Remember when you were still in school and everyone’s giving you unsolicited career advice? How much of it end up actually being useful right now?
Most of us enter the workforce blindly with bits of guidance from our well-meaning parents, relatives, and peers. Although this career advice does make sense, some of it may actually be hindering you from achieving your full potential.
In one of my favourite articles, writer Raghav Haran shares 11 of the most important pieces of career advice that nobody tells you. Here are my top 4 for young professionals and those just starting out.
Have you ever tried applying for a position where you don’t meet all the job requirements? Of course, not. Job requirements are listed there for a reason. Right?
This is a common mistake made by applicants. Haran explains that,
“Apart from jobs like academic professions, medicine, or law, most job requirements are largely negotiable --- you just have to prove that you can bring value to the table.”
As long as you have the skill, ingenuity, and passion for the industry you’re applying to, there’s always a chance that the hiring manager can look past the pre-selected requirements and hire you.
Working with a great mentor is the key to having a meaningful career. You can get a job at the biggest, most prestigious company but if you’re under weak leadership, your development will be severely impacted. You should never tolerate working for a boss that makes your work life miserable. It’s best to move before you miss out on greater opportunities.
Remember, whilst your employer owns your contract, you're still responsible for your personal and professional development. Don’t get stuck working for the wrong person.
Don’t let the “average stats” lead you down a wrong career path. Choosing your future career based on money alone will likely lead to regret, disappointment and missed opportunities.
You need to consider your interest, skills, and personality. What are you suited to? What do you enjoy? Don't just jump on the latest trend because it's where today's money is, unless it's something you'll enjoy.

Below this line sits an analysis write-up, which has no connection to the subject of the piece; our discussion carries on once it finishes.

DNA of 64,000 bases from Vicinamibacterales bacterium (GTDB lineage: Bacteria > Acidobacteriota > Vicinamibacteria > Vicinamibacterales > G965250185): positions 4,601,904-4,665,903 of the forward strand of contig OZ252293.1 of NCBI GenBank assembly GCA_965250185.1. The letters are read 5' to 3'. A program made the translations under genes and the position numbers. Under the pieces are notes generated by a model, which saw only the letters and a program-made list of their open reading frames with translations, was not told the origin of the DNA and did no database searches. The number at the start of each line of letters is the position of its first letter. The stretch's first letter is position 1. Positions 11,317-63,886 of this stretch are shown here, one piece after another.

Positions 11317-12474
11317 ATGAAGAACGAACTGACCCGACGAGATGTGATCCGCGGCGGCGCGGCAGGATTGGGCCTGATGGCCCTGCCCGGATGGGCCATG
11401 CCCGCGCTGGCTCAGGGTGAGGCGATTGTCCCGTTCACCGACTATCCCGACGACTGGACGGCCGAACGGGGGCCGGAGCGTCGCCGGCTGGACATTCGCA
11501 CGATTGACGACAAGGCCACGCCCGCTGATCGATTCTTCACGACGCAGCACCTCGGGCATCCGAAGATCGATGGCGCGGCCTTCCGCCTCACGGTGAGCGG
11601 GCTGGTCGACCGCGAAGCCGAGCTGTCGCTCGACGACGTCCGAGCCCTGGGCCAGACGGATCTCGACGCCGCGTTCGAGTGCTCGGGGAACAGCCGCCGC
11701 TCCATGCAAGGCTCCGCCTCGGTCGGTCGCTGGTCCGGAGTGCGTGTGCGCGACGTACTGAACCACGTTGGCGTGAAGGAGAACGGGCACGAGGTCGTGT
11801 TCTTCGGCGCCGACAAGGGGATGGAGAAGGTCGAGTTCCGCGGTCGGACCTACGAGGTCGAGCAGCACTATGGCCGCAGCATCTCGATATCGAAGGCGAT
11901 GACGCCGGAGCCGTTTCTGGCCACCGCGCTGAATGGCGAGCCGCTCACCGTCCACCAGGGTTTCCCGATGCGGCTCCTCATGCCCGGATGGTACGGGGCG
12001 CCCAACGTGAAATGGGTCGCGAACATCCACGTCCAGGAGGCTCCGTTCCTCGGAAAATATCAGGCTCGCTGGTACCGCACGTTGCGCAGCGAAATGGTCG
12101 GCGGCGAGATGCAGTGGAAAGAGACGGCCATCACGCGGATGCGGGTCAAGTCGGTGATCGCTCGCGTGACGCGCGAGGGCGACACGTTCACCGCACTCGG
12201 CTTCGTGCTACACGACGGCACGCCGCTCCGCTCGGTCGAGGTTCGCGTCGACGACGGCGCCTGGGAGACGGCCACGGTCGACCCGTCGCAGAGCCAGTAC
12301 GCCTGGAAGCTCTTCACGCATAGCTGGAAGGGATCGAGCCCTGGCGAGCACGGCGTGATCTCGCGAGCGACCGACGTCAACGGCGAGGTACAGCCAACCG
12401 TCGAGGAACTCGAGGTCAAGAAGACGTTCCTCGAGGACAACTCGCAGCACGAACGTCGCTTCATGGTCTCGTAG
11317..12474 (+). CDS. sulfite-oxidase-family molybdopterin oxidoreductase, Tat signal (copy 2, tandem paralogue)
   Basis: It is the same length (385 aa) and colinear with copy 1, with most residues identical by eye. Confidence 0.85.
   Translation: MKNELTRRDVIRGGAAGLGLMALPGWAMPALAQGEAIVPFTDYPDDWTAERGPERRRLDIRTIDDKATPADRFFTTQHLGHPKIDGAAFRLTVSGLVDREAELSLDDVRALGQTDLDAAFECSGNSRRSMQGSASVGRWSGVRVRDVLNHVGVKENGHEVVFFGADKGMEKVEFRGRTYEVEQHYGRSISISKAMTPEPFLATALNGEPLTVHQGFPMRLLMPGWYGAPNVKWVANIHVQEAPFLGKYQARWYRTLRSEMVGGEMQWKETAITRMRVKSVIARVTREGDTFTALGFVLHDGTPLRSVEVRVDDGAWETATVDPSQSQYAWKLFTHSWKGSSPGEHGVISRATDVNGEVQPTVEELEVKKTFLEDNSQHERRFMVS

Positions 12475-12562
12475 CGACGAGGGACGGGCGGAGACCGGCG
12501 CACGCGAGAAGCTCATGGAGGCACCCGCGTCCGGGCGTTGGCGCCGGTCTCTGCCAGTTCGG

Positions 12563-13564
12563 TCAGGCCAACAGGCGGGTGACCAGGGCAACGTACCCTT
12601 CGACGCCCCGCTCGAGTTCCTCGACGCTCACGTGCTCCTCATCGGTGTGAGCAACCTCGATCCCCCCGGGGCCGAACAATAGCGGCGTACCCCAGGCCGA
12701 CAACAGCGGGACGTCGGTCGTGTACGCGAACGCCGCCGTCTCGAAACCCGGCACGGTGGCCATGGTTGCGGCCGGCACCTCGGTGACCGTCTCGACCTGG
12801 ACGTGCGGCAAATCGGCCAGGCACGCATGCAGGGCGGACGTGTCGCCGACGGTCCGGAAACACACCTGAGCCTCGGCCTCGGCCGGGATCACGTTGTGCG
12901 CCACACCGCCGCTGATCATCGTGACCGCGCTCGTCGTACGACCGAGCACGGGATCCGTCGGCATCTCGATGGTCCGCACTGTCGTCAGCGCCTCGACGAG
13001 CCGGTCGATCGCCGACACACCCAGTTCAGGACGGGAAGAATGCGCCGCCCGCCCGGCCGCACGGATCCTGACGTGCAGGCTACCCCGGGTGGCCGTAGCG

As Haran notes,
“Do what you enjoy doing, and be great at it. Everything else will come.”
So find your passion, discover your best skill, and the success will come.
We all grew up in different places, cultures, socioeconomic background - so what’s realistic may simply be an illusion.
According to Haran ,
“What’s realistic for you is entirely predicated on what you’ve been exposed to.”
So it may seem crazy to think you can go to university or become a doctor or work for a top company if you haven't been exposed to people who have achieved these things. It's only natural to put up these barriers.
It’s for this reason that some of the “realistic” career advice we encounter today may do more harm than good. Sometimes the advice from well-meaning parents, relatives and peers to follow a well-known path, get a stable job and follow social norms isn't the best for your long term career.
To excel in your career, you don’t have to follow the herd - you have to find your own way. Each one of us has our own recipe for success. What works for another person might not work for you.
You just need to remember a few guiding principles - learn by working alongside brilliant people, always keep expanding your knowledge, and never be afraid to try and fail.
In an ideal world, every piece of career advice handed out to you will help in your professional life. However, things don’t always go that way. I hope the points above have helped you as it helped me. You can find Raghav's full article on Medium.
"Follow your passion", "find a job you love", "network, network, network", we hear these advice all the time. Are they really good advice?